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Financing Anaerobic Digestion Projects

Once you determine an anaerobic digester project may be technically feasible at your farm, you need to evaluate whether it will work financially. There are two stages of planning described below: Preliminary Project Planning and Advanced Project Planning.

Preliminary Project Planning

Assessing the financial feasibility of an anaerobic digester project is an iterative process. The first step is to do preliminary project planning. In this step, you do preliminary screening and a technical feasibility assessment to determine if the project can technically work. Then, using those assumptions, you can develop a high level estimate of the project’s financial feasibility considering revenues and expenses.

Preliminary Project Planning

Financial Feasibility - Revenue and ExpensesTechnical FeasibilityPreliminary Screening

Preliminary Screening

Determine whether anaerobic digestion is right for you by considering:

  • manure availability,
  • whether your manure management technique is compatible with an anaerobic digester,
  • potential uses for recovered energy and
  • whether you have the capacity to manage the system.

Technical Feasibility

Start assessing your project’s technical feasibility by identifying the anaerobic digester components:

  • feedstock,
  • onsite conditions,
  • system type and size, and
  • biogas use.

Example Feasibility Study for Dairy Manure Anaerobic Digesters (PDF) (2009, Essential Consulting Oregon, LLC)

Financial Feasibility - Revenue and Expenses

Estimate the annual revenue you could receive from your project based on the anaerobic digester components identified in your technical feasibility analysis:

  • The amount of biogas to be produced and how it will be sold
  • Financial assistance
  • Renewable energy and carbon credits

Estimate the annual expenses associated with your project. Include one-time (capital) and ongoing annual (operation and maintenance) costs of the system.

Advanced Project Planning

After the preliminary project planning is complete, you will likely have to refine your assumptions to optimize technical or financial performance with a new project plan. Next, you need to conduct detailed financial modeling. If the results are favorable, you can implement the project.

Advanced Project Planning

Conduct Detailed financial ModelingRefine Project Plan and Select Approach

Refine Project Plan and Select Approach

The feasibility of an anaerobic digester project depends on site-specific factors. These factors influence the amount and quality of methane generated, variability in electricity prices, availability of incentives and financing rates. In this stage of project planning, you can go through several versions of project plans, refining your assumptions until you identify the best possible anaerobic digester project.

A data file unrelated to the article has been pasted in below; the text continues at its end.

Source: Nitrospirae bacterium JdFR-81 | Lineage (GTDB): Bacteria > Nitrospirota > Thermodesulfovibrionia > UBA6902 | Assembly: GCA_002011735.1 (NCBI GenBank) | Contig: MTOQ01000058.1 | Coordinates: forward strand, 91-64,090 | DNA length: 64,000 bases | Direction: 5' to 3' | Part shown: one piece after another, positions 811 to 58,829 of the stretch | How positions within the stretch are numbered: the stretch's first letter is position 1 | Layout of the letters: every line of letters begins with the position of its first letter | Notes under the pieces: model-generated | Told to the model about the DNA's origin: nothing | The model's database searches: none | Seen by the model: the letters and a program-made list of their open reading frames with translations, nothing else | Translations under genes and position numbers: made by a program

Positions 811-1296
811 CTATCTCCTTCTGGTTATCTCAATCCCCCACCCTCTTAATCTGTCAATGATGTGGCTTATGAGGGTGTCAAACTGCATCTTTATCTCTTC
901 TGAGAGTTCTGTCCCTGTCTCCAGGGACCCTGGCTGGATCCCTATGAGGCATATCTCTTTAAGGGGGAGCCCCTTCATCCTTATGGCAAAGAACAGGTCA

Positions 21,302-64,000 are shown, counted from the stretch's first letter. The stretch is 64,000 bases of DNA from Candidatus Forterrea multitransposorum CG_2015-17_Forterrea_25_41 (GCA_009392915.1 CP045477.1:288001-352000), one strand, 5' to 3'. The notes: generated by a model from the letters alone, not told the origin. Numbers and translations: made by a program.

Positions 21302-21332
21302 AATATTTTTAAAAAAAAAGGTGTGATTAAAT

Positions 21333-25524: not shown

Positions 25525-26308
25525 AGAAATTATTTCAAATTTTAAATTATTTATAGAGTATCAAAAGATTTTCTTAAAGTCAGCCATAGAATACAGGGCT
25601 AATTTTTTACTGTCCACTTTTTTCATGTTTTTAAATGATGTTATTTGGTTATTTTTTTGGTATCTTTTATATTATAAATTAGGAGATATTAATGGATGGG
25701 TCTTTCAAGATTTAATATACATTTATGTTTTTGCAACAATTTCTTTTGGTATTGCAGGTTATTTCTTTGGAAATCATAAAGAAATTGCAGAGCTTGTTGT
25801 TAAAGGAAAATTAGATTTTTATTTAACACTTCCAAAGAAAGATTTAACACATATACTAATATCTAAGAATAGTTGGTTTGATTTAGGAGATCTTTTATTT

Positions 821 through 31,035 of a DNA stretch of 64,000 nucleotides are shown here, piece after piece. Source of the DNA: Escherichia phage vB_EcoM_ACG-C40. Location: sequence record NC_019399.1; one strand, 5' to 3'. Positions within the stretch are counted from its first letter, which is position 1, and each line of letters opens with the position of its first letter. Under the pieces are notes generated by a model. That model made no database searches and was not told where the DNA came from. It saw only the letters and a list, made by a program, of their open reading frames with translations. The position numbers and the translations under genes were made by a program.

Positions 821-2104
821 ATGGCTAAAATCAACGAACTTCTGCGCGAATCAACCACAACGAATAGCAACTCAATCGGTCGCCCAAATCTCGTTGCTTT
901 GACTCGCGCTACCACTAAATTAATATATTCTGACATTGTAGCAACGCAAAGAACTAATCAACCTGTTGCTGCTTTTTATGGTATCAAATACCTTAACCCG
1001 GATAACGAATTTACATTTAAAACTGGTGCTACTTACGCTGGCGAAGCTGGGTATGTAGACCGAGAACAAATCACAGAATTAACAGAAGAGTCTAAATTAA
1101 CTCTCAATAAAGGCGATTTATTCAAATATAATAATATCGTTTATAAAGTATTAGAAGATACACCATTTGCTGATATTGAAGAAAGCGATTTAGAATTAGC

Some of the key ways to improve project economics at this stage include:

  • Increasing income from electricity sales (e.g., tariffs for biogas) or other types of energy sales.
  • Getting direct financial assistance for feasibility studies and/or up-front costs.
  • Using creative financing mechanisms such as tax credits and low interest program investment loans.
  • Developing lower cost digester systems.
  • Seeking additional revenue-generating options (e.g., finding additional uses for on-farm heat; accepting off-farm wastes for tipping fees; concentrating nutrients for fertilizer products).
  • Implementing different business models, such as third party build/own/operate models.

Conduct Detailed Financial Modeling


Resources and Tools

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  • Funding On-Farm Anaerobic Digestion provides an overview and case studies of funding mechanisms available to farm operators. (EPA, 2012)
  • Profits from Manure Power? The Economics of Anaerobic Digesters On-Farm Exit summarizes basic financial considerations for installing on-farm anaerobic digesters, including economies of scale, farm energy use, price of electricity and financing (The Minnesota Project, undated)
  • Digester Project Funding Guide (PDF) Exitis a guide to planning a digester project, conduct a feasibility study, estimate funding needs and develop an application for USDA funding. (Innovation Center for U.S. Dairy, 2012)
  • Biogas Economic Model and Toolkit Exit is an MS Excel tool that models project scenarios and can provide an initial assessment of electricity generation at farms and dairy processing facilities. (Baker Tilly, 2012)
  • RETScreen Exit is an Excel-based analysis tool that helps to quickly and inexpensively determine the technical and financial viability of potential renewable energy and cogeneration projects. Note: this model is not specific to AD. (Canada Natural Resources Council, 2013)